~Conspicuous in our absence? Since August 11 I’ve been “run ragged”! Vacation, new grand baby, out-of-town daughters home again, and wonderful grandkids here to visit. To quote the opening line of Charles Dicken’s A Tale of Two Cities, “It was the best of times, it was the worst of times.” The excitement of a vacation, a new grandchild, and seeing my girls and grandkids was exhilarating. At the same time, I’m totally exhausted and just need to sit quietly for awhile. The Introverted Knitter said it best in today’s blog, “I sometimes joke that I have an introvert battery and after prolonged exposure to people it gets drained. It seems to be a fairly accurate description, and also helps others understand what I mean when I say I need alone time.”
Because of the all of the “excitement” in my life, I missed the first two spinning classes. Got all caught up on Wednesday. LOVE those women. It was so nice to see everyone again, forget about spinning let’s get caught up about who did what over the summer. Our teacher, Margaret, rings a bell when she needs to have us quiet down so the newbies in the circle around her can hear. That bell went off a heck of a lot during yesterday’s class.
This session we have a recommended text book – first time ever – The Spinner’s Book of Yarn Designs by Sarah Anderson
Included are 64 help cards. From the titles of some of the cards you can see the topics covered. I have not torn the cards apart yet.
For those of us who do a lot of Andean Plying, Margaret pointed out an errata on page 79. If you do Andean Plying you’ll see the problem right away. As shown, the ply around the middle finger will bend the finger backwards which will hurt. The yarn needs to be looped around the front towards the palm. That way the tension on the finger will slightly bend it in the direction your finger normally bends, towards the palm.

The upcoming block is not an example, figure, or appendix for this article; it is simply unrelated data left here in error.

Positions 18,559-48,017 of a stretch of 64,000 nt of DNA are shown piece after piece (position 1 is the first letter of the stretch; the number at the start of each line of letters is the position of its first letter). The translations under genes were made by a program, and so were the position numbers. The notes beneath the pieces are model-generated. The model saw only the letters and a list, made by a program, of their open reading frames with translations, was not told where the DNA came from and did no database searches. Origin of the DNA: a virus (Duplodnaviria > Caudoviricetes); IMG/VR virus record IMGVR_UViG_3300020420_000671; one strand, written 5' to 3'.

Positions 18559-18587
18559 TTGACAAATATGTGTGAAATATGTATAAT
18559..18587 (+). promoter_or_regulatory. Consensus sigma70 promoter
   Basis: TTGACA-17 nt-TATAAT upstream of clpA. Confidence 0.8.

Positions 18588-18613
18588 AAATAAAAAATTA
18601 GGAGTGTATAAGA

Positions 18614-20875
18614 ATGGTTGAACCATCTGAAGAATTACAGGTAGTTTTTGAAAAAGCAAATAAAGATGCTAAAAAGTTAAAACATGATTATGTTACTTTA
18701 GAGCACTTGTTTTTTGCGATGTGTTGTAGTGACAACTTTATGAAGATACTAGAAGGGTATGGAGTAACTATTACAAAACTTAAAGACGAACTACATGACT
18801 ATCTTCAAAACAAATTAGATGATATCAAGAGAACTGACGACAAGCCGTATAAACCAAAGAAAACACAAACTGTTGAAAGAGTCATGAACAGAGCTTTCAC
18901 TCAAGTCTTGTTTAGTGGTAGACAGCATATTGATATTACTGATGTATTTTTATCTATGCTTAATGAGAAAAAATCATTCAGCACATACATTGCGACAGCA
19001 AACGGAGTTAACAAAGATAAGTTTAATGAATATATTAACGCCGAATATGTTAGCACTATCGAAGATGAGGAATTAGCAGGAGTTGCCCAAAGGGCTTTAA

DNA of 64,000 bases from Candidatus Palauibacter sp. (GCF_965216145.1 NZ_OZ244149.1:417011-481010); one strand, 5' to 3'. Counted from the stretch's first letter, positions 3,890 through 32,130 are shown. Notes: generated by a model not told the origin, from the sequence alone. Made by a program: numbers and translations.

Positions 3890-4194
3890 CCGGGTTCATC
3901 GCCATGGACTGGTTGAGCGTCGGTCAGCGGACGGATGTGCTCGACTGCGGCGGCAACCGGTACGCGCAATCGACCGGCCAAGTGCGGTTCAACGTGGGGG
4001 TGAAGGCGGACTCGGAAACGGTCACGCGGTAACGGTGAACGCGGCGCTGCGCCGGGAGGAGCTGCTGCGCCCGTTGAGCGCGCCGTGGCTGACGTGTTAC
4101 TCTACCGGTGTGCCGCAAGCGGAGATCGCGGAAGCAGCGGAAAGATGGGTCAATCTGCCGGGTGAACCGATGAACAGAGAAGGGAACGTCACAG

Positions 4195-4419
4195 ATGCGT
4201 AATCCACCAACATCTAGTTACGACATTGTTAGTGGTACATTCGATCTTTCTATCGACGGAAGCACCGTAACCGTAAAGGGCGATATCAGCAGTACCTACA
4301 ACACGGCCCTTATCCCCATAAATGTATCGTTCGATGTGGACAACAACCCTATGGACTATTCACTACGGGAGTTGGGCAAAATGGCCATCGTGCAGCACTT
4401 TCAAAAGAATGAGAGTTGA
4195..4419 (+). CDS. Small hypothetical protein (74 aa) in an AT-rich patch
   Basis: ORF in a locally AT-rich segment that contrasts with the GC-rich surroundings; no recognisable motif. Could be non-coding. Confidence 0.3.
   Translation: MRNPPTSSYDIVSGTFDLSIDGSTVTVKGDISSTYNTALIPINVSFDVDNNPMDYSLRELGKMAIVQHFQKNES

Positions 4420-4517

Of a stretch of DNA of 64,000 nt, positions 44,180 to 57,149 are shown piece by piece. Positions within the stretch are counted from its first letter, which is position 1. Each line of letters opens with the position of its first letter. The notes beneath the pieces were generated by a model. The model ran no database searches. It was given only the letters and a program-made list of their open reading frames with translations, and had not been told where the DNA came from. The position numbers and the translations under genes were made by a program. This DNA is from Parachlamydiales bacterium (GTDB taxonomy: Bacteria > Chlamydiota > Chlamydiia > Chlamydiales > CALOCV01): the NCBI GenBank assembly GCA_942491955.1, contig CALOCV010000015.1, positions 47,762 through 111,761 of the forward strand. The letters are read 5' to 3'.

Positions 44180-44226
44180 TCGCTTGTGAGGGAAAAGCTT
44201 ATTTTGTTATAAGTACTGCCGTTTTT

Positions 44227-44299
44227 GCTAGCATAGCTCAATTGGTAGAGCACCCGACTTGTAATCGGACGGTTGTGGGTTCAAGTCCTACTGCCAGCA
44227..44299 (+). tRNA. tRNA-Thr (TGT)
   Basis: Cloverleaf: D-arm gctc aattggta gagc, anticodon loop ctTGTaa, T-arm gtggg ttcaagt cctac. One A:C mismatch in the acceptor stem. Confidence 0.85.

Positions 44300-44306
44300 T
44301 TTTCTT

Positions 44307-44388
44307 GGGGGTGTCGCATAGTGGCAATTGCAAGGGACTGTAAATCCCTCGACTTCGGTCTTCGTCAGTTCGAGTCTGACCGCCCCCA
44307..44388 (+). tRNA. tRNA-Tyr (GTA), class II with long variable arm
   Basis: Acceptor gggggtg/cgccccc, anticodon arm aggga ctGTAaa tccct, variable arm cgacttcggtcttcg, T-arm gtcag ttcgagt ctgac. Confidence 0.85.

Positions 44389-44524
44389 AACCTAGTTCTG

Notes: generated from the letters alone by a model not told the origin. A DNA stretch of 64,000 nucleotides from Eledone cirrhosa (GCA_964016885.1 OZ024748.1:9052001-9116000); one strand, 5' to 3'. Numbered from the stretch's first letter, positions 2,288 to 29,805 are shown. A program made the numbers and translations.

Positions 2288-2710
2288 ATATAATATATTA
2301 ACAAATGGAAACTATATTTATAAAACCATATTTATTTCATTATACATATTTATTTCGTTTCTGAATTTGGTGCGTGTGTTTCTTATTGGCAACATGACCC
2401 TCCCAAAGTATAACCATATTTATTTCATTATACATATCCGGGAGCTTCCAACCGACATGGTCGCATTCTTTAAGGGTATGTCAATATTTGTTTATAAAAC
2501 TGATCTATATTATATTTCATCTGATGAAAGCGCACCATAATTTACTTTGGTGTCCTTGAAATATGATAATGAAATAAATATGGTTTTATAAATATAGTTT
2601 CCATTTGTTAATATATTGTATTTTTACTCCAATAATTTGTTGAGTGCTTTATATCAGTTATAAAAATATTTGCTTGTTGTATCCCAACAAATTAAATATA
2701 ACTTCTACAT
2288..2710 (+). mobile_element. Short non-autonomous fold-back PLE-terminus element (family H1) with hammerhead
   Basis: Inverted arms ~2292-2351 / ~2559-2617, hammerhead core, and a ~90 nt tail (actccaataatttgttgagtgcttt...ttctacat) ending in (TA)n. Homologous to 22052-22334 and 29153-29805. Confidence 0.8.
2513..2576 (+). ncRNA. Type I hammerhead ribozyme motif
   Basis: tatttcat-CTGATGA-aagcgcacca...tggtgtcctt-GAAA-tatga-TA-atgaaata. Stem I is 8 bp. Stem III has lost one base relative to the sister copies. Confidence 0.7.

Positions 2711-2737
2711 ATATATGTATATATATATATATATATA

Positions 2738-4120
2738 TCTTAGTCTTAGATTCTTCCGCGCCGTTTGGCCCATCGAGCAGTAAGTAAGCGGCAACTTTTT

Our lesson for the week is Hawser Plying, p. 92 which is used to make elastic yarn perfect for cuffs or hat brims. Method: 1. Ply two Z-spun singles together with a Z-twist. (This method uses groups of two). Be forewarned that this makes an extremely twisty yarn. 2. Ply two of the Step 1 Z-plyed together using a S-ply. This will nicely balance out the super twist giving a wonderfully elastic yarn.
Caroline (sp. I can’t remember the correct, but odd, spelling of her name, sorry) had just knit cuffs onto her sweater which were all stretched out. She spun and plyed more of the yarn using the Hawser Plying method, tore out and reknitted the cuffs. Showed us in class how wonderful the new cuffs are, nice and bounce-back stretchy. I don’t make sweaters, but I do make hats. Besides making a sample, I’ll have to spin and Haswer Ply my next hat brim.